Over 4.2m work from home regularly

Working From Home


Over 4.2 million people in the UK work regularly from home – the majority of them men – and a further 1.8m would like to join them, according to TUC analysis published to mark the tenth National Work from Home Day.

The Day is organised by Work Wise UK. The analysis shows the number of people regularly working from home has increased by more than 800,000 since 2005, taking the total to 4,218,699.  It is based on unpublished data from the ONS Labour Force Survey which shows that the number of regular homeworkers has increased by 800,601 since 2005. The total number of people in employment has increased during the past decade, but this has been outstripped by the growth in homeworking, which has increased from 12.0 per cent of the workforce in 2005 to 13.7 per cent in 2015.

Using figures from the government’s official Work-Life Balance Survey 2013 and the ONS Labour Force Survey, the TUC estimates that a further 1.8 million people would like to work from home.

Although the South East has the most homeworkers, London has seen the greatest growth during the past decade up by over 190,000, while the South West has the highest percentage of homeworkers at 18.3 per cent.

However, homeworking in Northern Ireland has dropped by 10,000 in the past 10 years, down to 74,000, and there has been negligible growth in Wales.

The findings also show that homeworking is disproportionately taken up by men (62.8 per cent), partly because they outnumber women in self-employment. More than two-thirds of self-employed workers are men.

Work Wise UK says homeworking is less common in the public sectors than might be expected, with just 8.0 per cent in health and 7.1 per cent in education working from home, for example. It adds that the information and communications industry has above average homeworking (17.7 per cent), while other white collar industries like the professional, scientific and technical sector (16.0 per cent) and real estate (14.4 per cent) also do well.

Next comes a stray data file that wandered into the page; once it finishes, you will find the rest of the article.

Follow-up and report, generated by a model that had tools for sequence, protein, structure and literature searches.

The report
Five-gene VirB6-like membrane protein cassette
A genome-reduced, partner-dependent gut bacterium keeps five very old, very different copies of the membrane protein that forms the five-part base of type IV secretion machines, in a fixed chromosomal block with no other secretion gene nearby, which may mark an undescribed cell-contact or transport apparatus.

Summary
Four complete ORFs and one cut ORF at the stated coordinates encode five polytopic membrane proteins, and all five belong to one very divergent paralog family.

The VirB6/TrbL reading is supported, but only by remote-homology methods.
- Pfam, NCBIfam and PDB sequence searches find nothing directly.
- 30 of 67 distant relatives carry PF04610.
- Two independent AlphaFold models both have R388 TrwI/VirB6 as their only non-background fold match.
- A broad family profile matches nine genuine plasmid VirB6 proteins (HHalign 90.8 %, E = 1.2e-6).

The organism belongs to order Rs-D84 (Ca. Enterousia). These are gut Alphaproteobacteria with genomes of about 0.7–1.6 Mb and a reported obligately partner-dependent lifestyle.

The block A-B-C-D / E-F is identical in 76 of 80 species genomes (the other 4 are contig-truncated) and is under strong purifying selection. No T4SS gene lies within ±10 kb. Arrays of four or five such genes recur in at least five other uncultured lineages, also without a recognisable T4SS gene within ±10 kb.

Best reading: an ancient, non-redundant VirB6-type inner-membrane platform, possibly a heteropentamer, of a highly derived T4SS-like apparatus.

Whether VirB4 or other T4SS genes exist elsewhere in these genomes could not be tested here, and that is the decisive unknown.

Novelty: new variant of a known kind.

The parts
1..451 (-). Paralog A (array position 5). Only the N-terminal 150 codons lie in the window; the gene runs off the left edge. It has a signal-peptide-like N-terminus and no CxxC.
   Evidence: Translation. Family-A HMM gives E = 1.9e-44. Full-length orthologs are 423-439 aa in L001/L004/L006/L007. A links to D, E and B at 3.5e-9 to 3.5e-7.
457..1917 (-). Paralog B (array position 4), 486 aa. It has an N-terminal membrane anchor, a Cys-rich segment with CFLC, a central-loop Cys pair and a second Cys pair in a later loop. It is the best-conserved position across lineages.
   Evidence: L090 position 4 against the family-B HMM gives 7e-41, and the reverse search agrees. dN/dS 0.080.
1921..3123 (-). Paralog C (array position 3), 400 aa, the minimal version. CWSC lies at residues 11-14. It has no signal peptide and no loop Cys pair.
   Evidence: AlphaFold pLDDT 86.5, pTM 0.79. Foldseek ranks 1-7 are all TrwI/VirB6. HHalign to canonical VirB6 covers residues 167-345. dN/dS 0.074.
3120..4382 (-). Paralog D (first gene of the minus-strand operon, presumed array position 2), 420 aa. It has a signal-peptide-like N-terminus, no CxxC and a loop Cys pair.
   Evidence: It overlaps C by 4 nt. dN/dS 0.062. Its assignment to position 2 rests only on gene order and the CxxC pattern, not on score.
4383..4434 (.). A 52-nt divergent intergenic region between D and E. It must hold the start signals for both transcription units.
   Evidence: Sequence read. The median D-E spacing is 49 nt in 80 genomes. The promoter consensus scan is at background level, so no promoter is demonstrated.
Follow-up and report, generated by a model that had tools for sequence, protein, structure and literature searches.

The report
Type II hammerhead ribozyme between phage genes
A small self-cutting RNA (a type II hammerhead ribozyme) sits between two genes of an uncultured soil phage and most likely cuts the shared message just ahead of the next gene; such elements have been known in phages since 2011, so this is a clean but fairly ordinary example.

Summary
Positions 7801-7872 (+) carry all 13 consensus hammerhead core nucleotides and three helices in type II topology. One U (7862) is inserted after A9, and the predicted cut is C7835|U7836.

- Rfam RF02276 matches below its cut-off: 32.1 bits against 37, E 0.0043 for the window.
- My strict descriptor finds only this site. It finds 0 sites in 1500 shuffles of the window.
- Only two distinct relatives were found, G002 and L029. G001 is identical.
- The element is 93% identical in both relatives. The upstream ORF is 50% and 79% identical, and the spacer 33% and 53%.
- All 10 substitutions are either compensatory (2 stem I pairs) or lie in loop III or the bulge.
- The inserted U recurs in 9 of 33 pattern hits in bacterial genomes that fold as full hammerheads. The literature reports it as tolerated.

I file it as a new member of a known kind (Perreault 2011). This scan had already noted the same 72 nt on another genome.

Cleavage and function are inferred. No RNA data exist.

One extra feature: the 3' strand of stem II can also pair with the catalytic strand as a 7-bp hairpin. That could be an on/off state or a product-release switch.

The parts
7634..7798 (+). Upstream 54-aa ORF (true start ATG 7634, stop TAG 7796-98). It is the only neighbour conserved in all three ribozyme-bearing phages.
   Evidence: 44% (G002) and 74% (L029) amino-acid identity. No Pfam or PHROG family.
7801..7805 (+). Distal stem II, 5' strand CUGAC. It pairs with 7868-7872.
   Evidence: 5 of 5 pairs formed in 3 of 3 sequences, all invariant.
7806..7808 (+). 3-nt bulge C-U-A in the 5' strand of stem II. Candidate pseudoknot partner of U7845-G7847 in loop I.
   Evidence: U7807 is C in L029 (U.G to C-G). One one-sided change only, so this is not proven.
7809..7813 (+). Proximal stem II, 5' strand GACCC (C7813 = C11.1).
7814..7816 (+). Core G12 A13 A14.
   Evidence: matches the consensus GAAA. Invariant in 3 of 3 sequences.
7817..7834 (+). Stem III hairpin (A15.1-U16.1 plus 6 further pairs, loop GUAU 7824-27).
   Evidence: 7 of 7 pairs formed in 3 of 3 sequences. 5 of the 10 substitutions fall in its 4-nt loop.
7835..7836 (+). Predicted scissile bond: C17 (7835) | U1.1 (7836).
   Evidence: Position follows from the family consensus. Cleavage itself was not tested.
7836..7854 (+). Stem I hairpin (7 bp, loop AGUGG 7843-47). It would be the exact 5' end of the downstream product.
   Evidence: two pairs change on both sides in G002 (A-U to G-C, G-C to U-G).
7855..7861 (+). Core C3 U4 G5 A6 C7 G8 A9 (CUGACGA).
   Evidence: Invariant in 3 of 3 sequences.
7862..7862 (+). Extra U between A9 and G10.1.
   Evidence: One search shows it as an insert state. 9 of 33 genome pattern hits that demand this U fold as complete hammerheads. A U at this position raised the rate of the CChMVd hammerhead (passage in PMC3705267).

In contrast, only 7.0 per cent of retail staff work from home, with the growth of online shopping replacing counter staff with warehouse workers.

The ability to work from home is also strongly associated with occupational seniority, with one in five managers working from home (20.1 per cent) compared to about one in fifteen workers in the elementary occupations (6.7 per cent).

TUC General Secretary Frances O’Grady said: “These figures show millions of British workers have adopted homeworking and are enjoying a better work-life balance, while saving time and money on costly commuting that benefits no-one.

“Although organisations that have embraced homeworking often say that it has improved retention and productivity, there are still too many employers who are afraid to let their staff try out this way of working. The TUC estimates that there could be as many as another 1.8 million people who would enjoy the benefits of working from home.

“As the labour market tightens, National Work from Home Day is a useful reminder for employers to think about keeping their employees engaged by introducing more employee-friendly forms of flexibility for those who want to change how and where they perform their work.”

Work Wise UK Chief Executive Phil Flaxton said: “While there has been a significant increase in regular homeworking since 2005, clearly more needs to be done to convince some employers that implementing new working practices can result in a win-win situation for both their business and their employees.

“Thanks to modern technology, introducing efficient flexible working processes can be done both quickly and easily, but trust in transition remains a major issue. Work is something you do, not somewhere you go, and adopting a flexible culture has been proven to cut down on wasted time and cost. Trust, and perceived impact on culture, are however the main barriers to change, not technology.

“Many organisations have already woken up to the fact that they can attract and retain talented staff by offering a flexible approach to work, and that a healthy work-life balance contributes to individual motivation and performance, business success and growth. In addition, developments in technology help support a multiplicity of working arrangements such as working from home”.

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